when I was a lad, I worked in a truck freight terminal, and the strings of lights we used inside trailers had connectors that were smaller versions of that prop., ...there were IIRC three strips of brass? screwed to a rectangular block of wood at the end of the light string, and the "plug" was shoved into a duplex "receptacle" by every pair of dock doors.....all 450 of em
the connector what the Back to Futre show by "Doc" that connector look like they used on forklift truck battery connector aka early Anderson connector useally handle high current DC system and of course the AC also if rated too
Merci , Marc
Pas de problme,il marche n'est-ce pas?"(No problem, it works doesn't it?)
There's an old theatre connector series called a "stage connector" that came in two versions, large and small. I don't remember the amperages offhand...
The plug was two brass or copper plates about 1/2" wide wrapped on the sides of a 1/2x1-1/2" block of bakelite from the tip to a covered screw terminal at the handle where the H/N or +/- cable connections were made. Two of these could fit into a connector side by side.
The connector was a boxy looking thing with two brass or copper stripson the inside where you would stick these plugs. The opening was about 1x1-1/2" to accept two plugs. No need for a two-fer...
The dimensions above are approximate and were for the lower amperage version, probably 20-30A. The larger version was probably about 100A.
The plug and connector had the advantage of having a large contact area, but you could VERY EASILY stick your fingers inside an energized connector. The contacts of the plug were also energized when you started to make the connection and you could again VERY EASILY have your hand wrapped around both contacts while making the connection. The ontacts weren't hidden until the plug was fully inserted, and then there was no guarantee that it would insert all the way. There wasn't much pressure on the contacts and could easily fall out (I've heard of varieties with springs between the bakelite and brass) and you all know how well bakelite holds up to being dropped or stepped on...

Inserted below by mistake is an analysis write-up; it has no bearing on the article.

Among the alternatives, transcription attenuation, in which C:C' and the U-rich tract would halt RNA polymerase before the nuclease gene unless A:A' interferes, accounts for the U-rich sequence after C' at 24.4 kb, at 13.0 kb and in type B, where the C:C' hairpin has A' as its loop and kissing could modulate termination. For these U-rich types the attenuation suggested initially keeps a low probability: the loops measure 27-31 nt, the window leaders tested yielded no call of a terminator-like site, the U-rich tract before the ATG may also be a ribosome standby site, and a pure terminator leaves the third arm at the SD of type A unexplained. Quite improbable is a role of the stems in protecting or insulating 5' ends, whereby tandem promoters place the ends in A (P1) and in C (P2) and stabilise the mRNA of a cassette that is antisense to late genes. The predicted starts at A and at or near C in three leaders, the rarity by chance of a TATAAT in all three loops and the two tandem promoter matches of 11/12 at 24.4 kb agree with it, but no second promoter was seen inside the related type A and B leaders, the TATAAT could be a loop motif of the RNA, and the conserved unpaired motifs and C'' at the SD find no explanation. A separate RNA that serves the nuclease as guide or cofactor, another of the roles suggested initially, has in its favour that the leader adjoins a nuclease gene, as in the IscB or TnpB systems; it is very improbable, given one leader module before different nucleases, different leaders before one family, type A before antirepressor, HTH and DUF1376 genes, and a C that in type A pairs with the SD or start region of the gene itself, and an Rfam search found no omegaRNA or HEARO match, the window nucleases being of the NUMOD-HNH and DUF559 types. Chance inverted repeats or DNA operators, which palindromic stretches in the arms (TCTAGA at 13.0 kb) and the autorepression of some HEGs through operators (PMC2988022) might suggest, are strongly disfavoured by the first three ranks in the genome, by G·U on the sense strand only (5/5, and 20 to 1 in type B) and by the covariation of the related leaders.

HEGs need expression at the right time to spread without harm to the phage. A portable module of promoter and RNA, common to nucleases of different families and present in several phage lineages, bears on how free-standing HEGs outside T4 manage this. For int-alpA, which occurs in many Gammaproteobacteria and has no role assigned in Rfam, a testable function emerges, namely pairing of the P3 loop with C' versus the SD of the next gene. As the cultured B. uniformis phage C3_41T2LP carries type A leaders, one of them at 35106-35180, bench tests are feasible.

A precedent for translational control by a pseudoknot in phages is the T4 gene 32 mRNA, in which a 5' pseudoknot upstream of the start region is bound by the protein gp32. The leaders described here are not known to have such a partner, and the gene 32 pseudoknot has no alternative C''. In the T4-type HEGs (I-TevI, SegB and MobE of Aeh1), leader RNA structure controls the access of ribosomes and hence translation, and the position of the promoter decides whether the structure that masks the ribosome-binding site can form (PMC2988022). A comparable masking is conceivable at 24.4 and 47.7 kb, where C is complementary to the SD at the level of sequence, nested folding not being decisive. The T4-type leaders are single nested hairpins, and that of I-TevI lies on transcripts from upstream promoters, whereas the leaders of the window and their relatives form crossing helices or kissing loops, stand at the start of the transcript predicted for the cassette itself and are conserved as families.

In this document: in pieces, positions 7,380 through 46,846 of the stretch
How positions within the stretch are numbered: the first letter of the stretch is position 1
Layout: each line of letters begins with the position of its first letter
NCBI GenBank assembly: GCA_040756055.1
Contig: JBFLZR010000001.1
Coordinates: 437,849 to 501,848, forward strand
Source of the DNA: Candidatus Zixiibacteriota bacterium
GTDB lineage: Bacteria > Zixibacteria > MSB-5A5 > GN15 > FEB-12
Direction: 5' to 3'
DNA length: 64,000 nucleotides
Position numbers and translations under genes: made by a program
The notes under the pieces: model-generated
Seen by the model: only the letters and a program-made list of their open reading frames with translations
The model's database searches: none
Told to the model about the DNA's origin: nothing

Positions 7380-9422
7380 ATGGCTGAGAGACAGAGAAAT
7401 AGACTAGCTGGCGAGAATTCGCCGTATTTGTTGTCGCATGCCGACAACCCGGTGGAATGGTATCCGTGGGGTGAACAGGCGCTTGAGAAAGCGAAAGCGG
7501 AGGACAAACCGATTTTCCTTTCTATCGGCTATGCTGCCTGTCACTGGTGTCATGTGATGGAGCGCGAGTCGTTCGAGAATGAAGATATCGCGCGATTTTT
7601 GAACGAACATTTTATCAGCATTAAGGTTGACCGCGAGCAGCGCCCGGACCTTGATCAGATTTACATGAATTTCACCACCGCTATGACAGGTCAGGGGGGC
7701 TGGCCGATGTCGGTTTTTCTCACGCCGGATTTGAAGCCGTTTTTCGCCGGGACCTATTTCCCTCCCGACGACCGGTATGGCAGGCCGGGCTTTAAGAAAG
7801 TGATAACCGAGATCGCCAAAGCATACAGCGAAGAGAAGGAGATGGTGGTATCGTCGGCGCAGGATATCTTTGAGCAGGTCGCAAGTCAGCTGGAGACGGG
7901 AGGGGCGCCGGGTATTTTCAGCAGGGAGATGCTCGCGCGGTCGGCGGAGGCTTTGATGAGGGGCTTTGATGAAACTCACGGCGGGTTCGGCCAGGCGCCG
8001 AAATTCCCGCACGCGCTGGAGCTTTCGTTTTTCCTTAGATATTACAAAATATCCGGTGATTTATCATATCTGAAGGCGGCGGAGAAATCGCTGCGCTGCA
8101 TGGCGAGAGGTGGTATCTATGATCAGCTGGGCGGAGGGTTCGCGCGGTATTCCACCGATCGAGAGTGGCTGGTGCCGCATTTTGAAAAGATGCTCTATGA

I'll try to find pictures to post They're almost as scary as the Mole Lugs still in use today. (Needless to say all of this was before UL listing, NEMA, and common sense got the better of the connector...)
Mike: That's the plug I was thinking about, too. Those wicked-looking things were available in 50 amp (full plug) and 25 amp ("half plug") sizes. They were also used in both A.C. and D.C. (carbon arc) circuits. What was so insidious about these things was that they were completely interchangeable . I ran into a few of these stage plugs when I was with the I.A.T.S.E. many years ago. At that time, touring companies still used old "piano boards" that were equipped with porcelain receptacles, old resistance dimmers and the usual knife switches and fuses. There were also "plugging boxes" available for connecting anywhere from 2 to 6 stage plugs to one dimmer circuit. Those things would spark like July fourth fireworks when you hot-plug them . It was common practice to wear asbestos gloves when handling these things because of the relatively small "safe" handle area, and the heat produced in these connectors.
[This message has been edited by mamills (edited 01-05-2006).]